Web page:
By Dave Calhoun
How are you doing…? You doing okay? Fine? Or just okay? Fine? You sure? Fine? Unease runs through all the main nominees at this year’s BIFAs. Or is the unease running through us and we’re just projecting our fears and anxieties onto the screen?
Almost a year into a pandemic, I’d say it’s a bit of both. And when I say ‘we’, I mean ‘me’. Me and the four walls. Having watched all the main feature nominees for this year’s BIFAs, I’m struggling to unpick where the unease caused by the films stops and my own unease begins. It’s a thought worth dwelling on. There’s been a lot of technical talk about how we watch films now and in the near future: how will the relationship between streaming and cinemas change now that the old rules have been broken? There has been much musing, too, on the sort of stories that might emerge from this time as storytellers digest the zeitgeist over the months and years ahead. But there’s another question: how has the pandemic already affected how we watch films – how we watch them psychologically and emotionally? What new baggage do we now carry with us to the virtual cinema (i.e. from the kitchen to the living room)? Through which new filters do we see the world? In other words: how anxious do you already feel, and are the movies helping?
This year’s crop of BIFA-nominated films are impressively diverse and experimental. They also tackle sadness, confusion, loss, illness and pain head-on. They might not be comforting, but they grapple with truth in difficult, challenging ways.
Those with frayed nerves might find themselves further shredded by how the filmmakers behind ‘Saint Maud’ (writer-director Rose Glass) and ‘His House’ (writer-director Remi Weekes) draw on the horror genre to tell troubling stories rooted in the real world. In ‘Saint Maud’, the disintegrating mental health of a nurse, Maud (Morfydd Clark), is reflected not only in her behaviour (subtly communicated by Clark) but also in the disturbing fragmentation of the world around her.
With ‘His House’, Weekes tells the story of a South Sudanese couple, Bol (Sope Dirisu) and Rial (Wunmi Mosaku), both refugees, housed by the British government on a crumbling estate while waiting to see if they will be granted asylum. It’s the sort of story which you might expect to be expressed through straightforward social realism. But Weekes draws on classic haunted-house techniques to explore displacement, trauma and grief. The collision of style and subject makes it all the more affecting.
Both ‘Saint Maud’ and ‘His House’ are films where you can never fully trust what you’re seeing and hearing. The same can be said for ‘The Father’, which Florian Zeller directed from Christopher Hampton’s script of the director’s 2012 play. ‘The Father’ is a portrait of old age and a mind slipping away from reality. Zeller and Hampton reflect the mental disintegration of Anthony (Anthony Hopkins) in the very fabric of the film, so you can’t entirely trust anything you’re seeing, not even the production design. It’s upending and deeply affecting.
There’s a similar bending of time and place in ‘Mogul Mowgli’, another film which defies simple labels (surely what we’re all looking for in great independent films?) and another which draws us into the uneasy relationship between a character and their world. Again, we’re drawn into struggle, here physical and emotional, as a successful British-Pakistani rapper, Zed (Riz Ahmed), finds that so many certainties, past and present, in his life, are crumbling away. Filmmaker Bassam Tariq (who co-wrote the film with Ahmed) invites us to share in Zed’s trauma through many smart, disruptive storytelling tactics.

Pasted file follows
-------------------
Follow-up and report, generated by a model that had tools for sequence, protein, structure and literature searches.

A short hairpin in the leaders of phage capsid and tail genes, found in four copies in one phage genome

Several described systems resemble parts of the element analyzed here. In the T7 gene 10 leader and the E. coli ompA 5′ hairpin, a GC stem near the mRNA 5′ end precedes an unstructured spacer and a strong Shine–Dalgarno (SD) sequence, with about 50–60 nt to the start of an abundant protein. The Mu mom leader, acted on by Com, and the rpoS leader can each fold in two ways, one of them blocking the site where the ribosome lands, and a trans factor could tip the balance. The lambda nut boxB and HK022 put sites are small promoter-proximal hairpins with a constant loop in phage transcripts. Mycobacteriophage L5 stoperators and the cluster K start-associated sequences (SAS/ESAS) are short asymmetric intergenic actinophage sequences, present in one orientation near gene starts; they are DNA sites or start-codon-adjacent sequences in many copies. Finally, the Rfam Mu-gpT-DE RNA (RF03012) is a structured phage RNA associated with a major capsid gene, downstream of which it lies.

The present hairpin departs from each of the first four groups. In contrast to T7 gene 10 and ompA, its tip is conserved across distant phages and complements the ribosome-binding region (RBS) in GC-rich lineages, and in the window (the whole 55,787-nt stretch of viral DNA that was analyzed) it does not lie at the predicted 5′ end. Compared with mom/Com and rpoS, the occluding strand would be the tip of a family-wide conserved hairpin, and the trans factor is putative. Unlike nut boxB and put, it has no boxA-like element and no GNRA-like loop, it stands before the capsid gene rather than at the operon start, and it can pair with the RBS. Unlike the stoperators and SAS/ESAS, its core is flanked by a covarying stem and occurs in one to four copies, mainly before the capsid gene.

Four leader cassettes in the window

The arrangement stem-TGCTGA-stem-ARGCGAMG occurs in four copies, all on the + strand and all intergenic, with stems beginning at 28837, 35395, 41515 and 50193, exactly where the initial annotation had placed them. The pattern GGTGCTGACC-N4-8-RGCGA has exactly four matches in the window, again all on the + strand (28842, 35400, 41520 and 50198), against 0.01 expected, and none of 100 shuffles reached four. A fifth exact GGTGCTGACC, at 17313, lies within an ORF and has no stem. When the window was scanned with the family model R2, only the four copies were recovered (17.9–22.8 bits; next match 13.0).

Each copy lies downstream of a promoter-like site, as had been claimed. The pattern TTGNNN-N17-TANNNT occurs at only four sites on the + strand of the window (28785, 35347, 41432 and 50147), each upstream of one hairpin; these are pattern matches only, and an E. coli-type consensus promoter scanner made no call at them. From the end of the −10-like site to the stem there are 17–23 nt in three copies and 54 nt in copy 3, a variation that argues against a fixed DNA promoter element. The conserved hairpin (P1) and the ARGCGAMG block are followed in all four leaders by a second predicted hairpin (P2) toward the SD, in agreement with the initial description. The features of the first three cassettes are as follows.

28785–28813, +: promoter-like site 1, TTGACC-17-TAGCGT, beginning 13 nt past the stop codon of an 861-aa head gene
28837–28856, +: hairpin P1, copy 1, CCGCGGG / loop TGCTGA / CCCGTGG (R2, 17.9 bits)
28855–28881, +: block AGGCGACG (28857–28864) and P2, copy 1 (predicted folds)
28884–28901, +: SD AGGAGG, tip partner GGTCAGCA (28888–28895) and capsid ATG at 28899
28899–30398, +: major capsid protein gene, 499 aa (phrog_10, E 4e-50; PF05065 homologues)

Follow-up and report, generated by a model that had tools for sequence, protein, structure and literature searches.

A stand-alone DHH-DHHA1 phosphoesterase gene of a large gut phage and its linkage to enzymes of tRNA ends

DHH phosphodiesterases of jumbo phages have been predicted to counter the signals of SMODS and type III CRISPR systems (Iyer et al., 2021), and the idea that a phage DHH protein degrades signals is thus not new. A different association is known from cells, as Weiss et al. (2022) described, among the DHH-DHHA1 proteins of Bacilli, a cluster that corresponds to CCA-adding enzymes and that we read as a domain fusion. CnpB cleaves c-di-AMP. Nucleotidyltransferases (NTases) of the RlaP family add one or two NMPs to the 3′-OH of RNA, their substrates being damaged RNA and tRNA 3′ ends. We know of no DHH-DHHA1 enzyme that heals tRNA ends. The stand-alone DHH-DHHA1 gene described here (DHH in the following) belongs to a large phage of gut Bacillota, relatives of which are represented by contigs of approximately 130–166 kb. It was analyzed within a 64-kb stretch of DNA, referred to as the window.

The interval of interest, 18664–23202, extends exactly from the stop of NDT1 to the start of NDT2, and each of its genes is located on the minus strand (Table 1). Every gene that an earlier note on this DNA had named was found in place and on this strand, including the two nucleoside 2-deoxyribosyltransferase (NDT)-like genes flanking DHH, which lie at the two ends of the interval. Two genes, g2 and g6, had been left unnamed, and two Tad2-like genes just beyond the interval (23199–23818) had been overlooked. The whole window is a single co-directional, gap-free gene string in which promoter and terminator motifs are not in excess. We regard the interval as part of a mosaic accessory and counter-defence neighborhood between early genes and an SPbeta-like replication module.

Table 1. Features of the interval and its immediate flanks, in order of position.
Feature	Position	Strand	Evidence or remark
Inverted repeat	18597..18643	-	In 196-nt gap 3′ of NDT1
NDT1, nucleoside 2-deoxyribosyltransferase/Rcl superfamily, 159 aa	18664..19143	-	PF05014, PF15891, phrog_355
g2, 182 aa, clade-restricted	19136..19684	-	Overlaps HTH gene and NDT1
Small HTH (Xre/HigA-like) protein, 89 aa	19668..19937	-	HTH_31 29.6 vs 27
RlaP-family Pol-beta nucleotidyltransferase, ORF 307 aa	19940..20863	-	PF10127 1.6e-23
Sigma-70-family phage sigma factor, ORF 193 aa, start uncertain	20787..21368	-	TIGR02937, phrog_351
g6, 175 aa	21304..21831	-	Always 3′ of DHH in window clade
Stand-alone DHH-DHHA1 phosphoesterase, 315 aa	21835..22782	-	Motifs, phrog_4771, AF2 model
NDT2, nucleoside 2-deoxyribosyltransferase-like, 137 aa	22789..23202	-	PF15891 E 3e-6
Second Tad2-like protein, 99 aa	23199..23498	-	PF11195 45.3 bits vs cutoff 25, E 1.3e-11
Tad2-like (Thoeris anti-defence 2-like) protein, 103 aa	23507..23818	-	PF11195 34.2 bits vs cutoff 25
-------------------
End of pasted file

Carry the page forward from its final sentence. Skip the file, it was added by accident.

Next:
There’s much joy and some hope in ‘Rocks’, the East London-set story of a British-Nigerian teenager (Bukky Bakray) who is left to look after her younger brother, Emmanuel (D’angelou Osei Kissiedu), when their mum disappears. Director Sarah Gavron and writers Theresa Ikoko and Claire Wilson fight hard to stress the warmth and the tenderness that can exist even in dark times, but this is a troubled world, too. Light and dark co-exist, and it’s the conversation between the two that makes this film very special, not least through the work of a fantastic ensemble cast.
Yet you have to go far, far into the darkness to see any glimpses of light at all in both ‘County Lines’ and ‘Calm with Horses’. It’s unease piled on unease. Both feature debuts, these are stories where the filmmakers hold firm in taking us with them into the depths. With ‘County Lines’, writer-director Henry Blake turns a social and criminal issue affecting thousands – kids roped into trafficking drugs across the country – into a very personal tale of one boy, Tyler (Conrad Khan), struggling to make sense of his life. For ‘Calm with Horses’, director Nick Rowland keeps us close to Arm (Cosmo Jarvis), a beefed-up lost soul adrift in a grotesque world of local gangsters in the west of Ireland. Both directors serve up tough filmmaking, trusting that we’re prepared to go with them on unforgiving journeys.
So, these are not films to tranquilise your anxiety. They’re not films to make you feel that all’s okay with the world. They’re challenging and often uncomfortable. They turn unease into art. They reassure you that our best indie filmmakers won’t be turning their heads away from the sharp realities of the world anytime soon. They disturb. They alarm. They impress. And who would want it any other way?